United States: "a culture of cruelty"
Protesters gathered at the Arizona Capitol on Friday afternoon, demanding the firing of Arizona Department of Corrections Director Charles Ryan, and saying that the state's prison system has a "culture of cruelty."
ACLU of Arizona organized the protest, bringing about 30 people to meet at the state Department of Corrections building. The group then marched across the street to the Capitol to give a letter to Gov. Doug Ducey.
The event came three days after groups representing both Arizona prison guards and inmates came together to denounce what they called an "avalanche of negligence" in the state's prison system. The action comes about a week after an ABC15 investigation disclosed dangerous conditions at the Lewis Prison in Buckeye, including broken cell door locks that led to ambush-assaults on officers.
"Fallen on deaf ears for years"
"This is not just about the safety of correctional officers; this is also about the safety of incarcerated people and their health and that has fallen on deaf ears for years and years and years," said Analise Ortiz, a communications strategist for the ACLU of Arizona.
Erika Molett attended the protest because her father, Richard Washington, died in state prison in January.
"He was a healthy man, 180 pounds, and by the time we got his body from Pinal County to out here, he was 124 pounds," she said.
Molett says she doesn't know what caused her father's condition to deteriorate. But she found out that he had previously written a letter to his judge, saying that he was not getting the medical care he needed.
"I understand that they committed a crime; I do understand that. But they are not animals, and they have family out here that love them to death," she said.
A spokesman for the Arizona Department of Corrections did not immediately respond to a request for comment on Friday night.
At the time of Washington's death, Corizon spokesman Kurt Davis said, "We are confident that appropriate care was provided and that the investigation will yield similar findings.”
Arizona outsources its prison health care to private companies. Corizon currently has the contract.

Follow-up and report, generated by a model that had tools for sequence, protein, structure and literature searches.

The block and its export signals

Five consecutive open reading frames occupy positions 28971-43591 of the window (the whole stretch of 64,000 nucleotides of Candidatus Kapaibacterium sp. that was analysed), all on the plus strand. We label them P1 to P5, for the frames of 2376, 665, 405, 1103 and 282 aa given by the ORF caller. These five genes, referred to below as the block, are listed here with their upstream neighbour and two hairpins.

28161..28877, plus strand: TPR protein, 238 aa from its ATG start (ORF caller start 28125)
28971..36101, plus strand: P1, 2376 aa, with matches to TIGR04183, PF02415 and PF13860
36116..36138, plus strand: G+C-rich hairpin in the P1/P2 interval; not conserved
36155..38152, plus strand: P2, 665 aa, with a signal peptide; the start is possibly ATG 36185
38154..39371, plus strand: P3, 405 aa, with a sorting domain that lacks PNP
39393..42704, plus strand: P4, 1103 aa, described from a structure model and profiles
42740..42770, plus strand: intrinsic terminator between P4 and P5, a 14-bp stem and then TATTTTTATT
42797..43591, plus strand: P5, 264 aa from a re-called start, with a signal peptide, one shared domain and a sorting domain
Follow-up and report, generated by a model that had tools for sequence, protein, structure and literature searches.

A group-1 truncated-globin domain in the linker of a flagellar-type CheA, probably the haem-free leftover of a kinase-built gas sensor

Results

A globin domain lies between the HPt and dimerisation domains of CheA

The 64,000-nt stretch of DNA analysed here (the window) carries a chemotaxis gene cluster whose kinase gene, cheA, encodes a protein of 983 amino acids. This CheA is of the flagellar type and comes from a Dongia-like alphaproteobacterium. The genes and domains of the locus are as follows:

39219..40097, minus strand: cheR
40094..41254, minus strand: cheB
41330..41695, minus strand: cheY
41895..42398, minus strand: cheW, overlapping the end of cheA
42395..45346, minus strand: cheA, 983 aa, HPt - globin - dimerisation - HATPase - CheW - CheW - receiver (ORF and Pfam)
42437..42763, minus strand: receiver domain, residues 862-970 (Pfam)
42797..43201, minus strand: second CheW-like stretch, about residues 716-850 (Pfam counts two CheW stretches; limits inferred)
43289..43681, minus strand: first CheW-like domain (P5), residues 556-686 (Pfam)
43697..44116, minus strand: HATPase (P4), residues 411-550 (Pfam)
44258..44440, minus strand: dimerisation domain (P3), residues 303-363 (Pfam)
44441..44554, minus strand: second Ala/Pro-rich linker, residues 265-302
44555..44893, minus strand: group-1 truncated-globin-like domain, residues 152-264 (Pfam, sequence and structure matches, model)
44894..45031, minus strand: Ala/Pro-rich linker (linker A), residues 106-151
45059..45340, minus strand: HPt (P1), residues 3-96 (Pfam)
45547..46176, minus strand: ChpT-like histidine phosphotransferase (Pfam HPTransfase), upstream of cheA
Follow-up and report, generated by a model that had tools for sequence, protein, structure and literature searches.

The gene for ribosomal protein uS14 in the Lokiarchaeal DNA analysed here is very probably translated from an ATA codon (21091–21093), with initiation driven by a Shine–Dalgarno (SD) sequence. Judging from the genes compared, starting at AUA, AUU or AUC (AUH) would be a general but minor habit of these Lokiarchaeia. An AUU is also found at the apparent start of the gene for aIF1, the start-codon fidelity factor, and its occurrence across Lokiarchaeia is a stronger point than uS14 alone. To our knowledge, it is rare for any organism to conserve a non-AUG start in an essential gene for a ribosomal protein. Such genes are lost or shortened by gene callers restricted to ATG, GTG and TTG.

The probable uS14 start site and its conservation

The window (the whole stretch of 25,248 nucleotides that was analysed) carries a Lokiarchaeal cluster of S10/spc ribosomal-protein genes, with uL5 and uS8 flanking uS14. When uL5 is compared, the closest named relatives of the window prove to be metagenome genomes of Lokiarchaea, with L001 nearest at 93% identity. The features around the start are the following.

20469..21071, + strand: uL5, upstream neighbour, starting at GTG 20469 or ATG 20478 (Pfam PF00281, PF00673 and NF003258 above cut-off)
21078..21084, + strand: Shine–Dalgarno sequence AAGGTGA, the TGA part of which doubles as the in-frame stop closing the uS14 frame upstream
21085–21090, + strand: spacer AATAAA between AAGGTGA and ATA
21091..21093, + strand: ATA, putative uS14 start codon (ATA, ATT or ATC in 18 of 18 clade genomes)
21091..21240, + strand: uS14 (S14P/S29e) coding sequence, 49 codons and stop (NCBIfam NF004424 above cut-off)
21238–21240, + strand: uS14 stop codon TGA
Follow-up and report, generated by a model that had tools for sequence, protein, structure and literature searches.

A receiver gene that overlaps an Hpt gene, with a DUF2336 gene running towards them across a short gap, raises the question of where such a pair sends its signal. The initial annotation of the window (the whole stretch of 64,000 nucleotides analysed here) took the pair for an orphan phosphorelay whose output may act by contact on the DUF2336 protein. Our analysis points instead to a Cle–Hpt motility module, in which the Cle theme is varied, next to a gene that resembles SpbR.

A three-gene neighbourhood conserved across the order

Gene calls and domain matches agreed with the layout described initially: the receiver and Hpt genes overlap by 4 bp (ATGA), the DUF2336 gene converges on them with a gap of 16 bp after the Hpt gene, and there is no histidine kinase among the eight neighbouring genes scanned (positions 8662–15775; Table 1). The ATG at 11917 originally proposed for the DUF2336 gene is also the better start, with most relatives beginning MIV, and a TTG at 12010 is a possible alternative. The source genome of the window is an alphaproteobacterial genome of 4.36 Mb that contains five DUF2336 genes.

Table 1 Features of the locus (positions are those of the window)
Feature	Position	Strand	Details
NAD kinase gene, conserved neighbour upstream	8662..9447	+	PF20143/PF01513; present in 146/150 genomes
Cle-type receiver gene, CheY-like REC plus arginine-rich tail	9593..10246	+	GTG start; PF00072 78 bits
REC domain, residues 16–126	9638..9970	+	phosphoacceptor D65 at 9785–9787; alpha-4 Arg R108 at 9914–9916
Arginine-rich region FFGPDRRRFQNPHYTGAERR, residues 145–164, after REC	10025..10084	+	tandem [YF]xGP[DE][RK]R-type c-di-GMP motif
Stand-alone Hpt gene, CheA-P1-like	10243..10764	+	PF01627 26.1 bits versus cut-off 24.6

Multiple organizations sign letter
Five organizations signed on to Friday's letter that was presented to Ducey's office, including the Arizona Prison Reform Movement, Puente Human Rights Movement, Living United for Change in Arizona, Poder in Action, and Arizona Attorneys for Criminal Justice.
Ducey was not in his office when the protesters arrived. They instead gave their letter to a legislative liaison.
Earlier in the afternoon at a press conference, Ducey was asked if Ryan is meeting his expectations as director in light of the recent reports about dangerous conditions in the prison system.
"I have an expectation. That expectation, from what I saw with this reporting, is not being met. So, we’re going to understand what’s there and we’re going to get to the bottom of it," Ducey said.
"We want to make certain that the correctional officers and prisoners are safe inside the prisons. That’s not what I saw."
The governor was speaking in reference to leaked video of inmates violently attacking corrections officers at Lewis Prison.
"We’re going to get to the bottom of it"
"We expect our prisons to be safe. We expect our men and women, as correctional officers, to be safe. And we expect problems like this to be resolved. We’re going to get to the bottom of it," Ducey said.
Arizona’s prisons also face an understaffing crisis in the wake of a 13-year freeze on officer pay. Corrections officials say the freeze has exacerbated already high turnover in a physically and mentally grueling job.
Corrections officers are among the lowest paid law-enforcement officers in the state, with a starting salary of about $33,000 per year.
A hope that stories will inspire action
Tempe resident Danielle Jensen attended Friday's protest and said her brother, Jeffrey, was severly beaten and died three months before he would have been released from Lewis Prison in 2017.
"My brother lost his life in the most terrifying and painful way imaginable," she said.
Jensen is hoping that her and other people's stories will inspire the governor to take action.
"I want you all to imagine, just for a moment, a world where you would welcome a person returning from prison into your own community, knowing that they are actually better than before they went in, not worse," she said.
"And definitely not on their death bed."
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Source — The Arizona Republic